It is a great honor for me at this late stage in my life to be awarded the IASPEI Medal. My first thought upon learning of the award was how one of my earliest mentors, Father William Stauder, S.J., at Saint Louis University, introduced me to seismology through the early works of Jeffreys and Bullen that characterized the structure of the Earth. This was a monumental and long-standing contribution to our science, yet it was based on only a limited amount of data. This inspired a lifetime mission of mine, as an observational seismologist, to seek data no matter how great or how sparse that were hard to refute and needed to be explained. Along the way, I was fortunate enough to team up with other scientists, many of them smarter than me, to produce research results that could stand the test of time. It is really not surprising that many of my co-authors are not from the USA, as I was fortunate to have the opportunity to work at a number of foreign research facilities for several months at a time and to develop long-term collaborative relationships there.
My interests have always been global, perhaps because our science does not have political boundaries, and it seemed natural for me, as a member of an agency that routinely reported on earthquakes globally, to become involved in international bodies, such as IASPEI, that promote our science. My first venture into this world was at the 1967 IUGG meeting in Zurich where I presented a paper on the structure of the Earth's core based on my Thesis with none other than Jeffreys and Bullen in the front row. It was an exciting time in seismology, with the introduction of the plate tectonics paradigm and the interest in monitoring nuclear tests, and it brought me into contact with scientists, not just from seismology, but also with those having inter-disciplinary interests. This led me over the years to collaborative research in many areas including subduction zone tectonics, global earth structure, source mechanisms, ground truth events, and even earthquake prediction.
My association with IASPEI has been one of the high points of my career. I found it to be one of the few international organizations that had one of its foremost goals the involvement of scientists from developing countries in its affairs. Through my long IASPEI involvement and especially as Secretary General for 12 years I sought to bring that goal to fruition. In that process I am very grateful to the conveners and local organizing committees from countries all over the world that helped organize our meetings. Through that engagement I have made many long-standing relationships that have really made it all worthwhile.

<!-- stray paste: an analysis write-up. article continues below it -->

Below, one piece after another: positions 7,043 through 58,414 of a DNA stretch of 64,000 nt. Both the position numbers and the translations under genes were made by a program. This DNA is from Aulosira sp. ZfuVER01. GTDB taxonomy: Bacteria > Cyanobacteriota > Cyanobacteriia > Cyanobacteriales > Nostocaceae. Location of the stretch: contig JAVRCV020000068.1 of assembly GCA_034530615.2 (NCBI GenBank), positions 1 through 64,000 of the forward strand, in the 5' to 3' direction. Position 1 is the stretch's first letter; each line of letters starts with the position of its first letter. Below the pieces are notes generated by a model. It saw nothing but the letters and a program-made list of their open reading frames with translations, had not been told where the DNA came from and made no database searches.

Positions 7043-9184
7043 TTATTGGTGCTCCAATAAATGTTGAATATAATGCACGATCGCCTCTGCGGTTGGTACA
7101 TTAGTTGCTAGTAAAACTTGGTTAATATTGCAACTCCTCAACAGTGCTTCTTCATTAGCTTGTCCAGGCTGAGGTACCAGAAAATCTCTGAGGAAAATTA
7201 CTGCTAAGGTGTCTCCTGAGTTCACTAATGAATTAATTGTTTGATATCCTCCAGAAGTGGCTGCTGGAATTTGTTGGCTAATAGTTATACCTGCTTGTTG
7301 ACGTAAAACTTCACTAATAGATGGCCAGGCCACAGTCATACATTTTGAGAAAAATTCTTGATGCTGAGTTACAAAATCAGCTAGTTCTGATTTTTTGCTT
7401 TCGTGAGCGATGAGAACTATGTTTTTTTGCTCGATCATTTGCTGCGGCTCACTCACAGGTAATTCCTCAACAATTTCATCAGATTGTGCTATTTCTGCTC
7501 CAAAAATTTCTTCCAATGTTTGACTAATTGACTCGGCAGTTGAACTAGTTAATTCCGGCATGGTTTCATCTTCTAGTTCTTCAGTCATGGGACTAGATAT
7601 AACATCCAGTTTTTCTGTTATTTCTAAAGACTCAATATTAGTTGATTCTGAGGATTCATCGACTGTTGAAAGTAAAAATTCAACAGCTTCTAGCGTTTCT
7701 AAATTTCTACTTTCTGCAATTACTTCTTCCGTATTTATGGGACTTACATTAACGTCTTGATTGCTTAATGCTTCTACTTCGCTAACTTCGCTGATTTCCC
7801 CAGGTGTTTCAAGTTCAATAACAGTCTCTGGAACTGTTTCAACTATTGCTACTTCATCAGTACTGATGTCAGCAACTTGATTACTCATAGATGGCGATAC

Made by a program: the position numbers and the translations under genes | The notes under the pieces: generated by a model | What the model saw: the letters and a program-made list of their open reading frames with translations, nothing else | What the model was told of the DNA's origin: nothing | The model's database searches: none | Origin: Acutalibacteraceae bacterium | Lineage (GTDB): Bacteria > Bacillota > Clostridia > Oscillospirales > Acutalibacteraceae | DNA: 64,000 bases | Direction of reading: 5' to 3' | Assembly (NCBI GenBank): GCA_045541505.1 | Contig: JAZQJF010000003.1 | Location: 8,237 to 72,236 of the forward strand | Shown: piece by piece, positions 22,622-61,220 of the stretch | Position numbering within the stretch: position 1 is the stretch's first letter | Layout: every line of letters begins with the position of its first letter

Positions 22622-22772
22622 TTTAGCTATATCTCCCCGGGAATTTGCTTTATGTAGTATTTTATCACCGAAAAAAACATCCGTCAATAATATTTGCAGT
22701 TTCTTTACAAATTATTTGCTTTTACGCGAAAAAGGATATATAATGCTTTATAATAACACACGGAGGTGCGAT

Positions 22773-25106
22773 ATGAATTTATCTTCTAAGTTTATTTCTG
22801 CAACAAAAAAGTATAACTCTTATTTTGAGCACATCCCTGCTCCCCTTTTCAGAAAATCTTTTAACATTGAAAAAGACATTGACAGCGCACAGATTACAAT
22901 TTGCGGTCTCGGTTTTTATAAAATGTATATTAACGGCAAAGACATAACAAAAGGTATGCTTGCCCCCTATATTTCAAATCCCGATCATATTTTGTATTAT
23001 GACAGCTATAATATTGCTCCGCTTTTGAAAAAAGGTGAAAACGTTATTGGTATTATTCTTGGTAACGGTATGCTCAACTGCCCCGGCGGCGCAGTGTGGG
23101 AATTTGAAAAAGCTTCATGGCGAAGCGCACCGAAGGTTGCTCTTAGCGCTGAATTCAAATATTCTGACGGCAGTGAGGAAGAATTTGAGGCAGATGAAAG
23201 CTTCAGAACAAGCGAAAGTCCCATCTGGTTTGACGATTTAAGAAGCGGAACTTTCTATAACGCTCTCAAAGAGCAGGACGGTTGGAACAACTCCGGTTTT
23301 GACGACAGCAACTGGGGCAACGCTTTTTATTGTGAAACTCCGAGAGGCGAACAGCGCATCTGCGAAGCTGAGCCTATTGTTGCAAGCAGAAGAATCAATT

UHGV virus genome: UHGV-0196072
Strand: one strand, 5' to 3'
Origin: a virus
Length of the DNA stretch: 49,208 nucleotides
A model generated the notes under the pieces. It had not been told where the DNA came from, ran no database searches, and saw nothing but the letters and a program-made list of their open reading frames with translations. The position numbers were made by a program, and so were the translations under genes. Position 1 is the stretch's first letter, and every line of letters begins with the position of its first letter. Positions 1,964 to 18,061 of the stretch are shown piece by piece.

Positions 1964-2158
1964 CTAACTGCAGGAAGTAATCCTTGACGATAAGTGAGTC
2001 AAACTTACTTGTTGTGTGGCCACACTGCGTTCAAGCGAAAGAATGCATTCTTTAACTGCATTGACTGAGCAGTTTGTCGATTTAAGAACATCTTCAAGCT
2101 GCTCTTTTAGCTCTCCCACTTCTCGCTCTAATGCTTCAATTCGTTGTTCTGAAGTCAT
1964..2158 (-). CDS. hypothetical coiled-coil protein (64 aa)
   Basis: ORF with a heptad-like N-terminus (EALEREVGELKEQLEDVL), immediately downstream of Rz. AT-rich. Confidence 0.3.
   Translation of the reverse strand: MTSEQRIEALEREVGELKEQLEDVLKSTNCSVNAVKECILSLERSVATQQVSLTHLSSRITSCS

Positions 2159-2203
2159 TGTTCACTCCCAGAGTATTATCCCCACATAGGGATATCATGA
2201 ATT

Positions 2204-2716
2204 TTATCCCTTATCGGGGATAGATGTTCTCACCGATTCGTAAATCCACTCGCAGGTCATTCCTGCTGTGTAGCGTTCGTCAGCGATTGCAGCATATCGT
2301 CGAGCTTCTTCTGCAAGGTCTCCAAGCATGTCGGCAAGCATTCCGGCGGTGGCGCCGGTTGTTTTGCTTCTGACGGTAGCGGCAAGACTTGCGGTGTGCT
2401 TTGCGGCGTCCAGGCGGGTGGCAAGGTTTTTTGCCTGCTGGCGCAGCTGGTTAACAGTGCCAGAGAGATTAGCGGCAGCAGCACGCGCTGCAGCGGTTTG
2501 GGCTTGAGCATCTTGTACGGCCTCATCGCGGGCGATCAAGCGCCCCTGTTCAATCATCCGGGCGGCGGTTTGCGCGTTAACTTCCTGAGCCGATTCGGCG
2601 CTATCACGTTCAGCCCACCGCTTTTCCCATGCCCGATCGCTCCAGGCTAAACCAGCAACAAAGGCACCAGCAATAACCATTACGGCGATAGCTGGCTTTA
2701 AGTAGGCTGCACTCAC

As most of you well know, for many years the problem of earthquake location has been one of my primary interests. What seemed to be a simple application of Geiger's algorithm is not so simple at all because of the Earth's lateral heterogeneity. A high-resolution robust 3D global velocity model will eventually be needed, especially in subduction zones where the inherent bias in earthquake locations can only be addressed by the application of specialized algorithms. Until that time all we can do is the best job possible with a 1D model, and that has been my driving motivation for the development of better 1D global velocity models with Kennett and Buland, and the EHB algorithm with Van der Hilst and Buland to improve the location and depth of earthquakes in those models. That work continues in my present-day collaboration with the International Seismological Centre (ISC) to locate earthquakes in the early part of the last century with sparse and often uncertain data under the ISC-GEM project and to refine and expand the EHB catalog from 1964 to the present under the ISC-EHB project for use in seismicity studies and global tomography.
As I look over this audience I see many faces that are familiar to me both as a result of collaborative research and of joint activities within IASPEI. I can hardly accept this award without acknowledging my gratitude for their friendship and support. I wish not only for them, but also for the young scientists present, many more years of success in their research and to encourage them to participate in service to the scientific community that has been so rewarding for me.
Finally, I am grateful to my late wife Eileen and to my present wife Inge for their support during my career.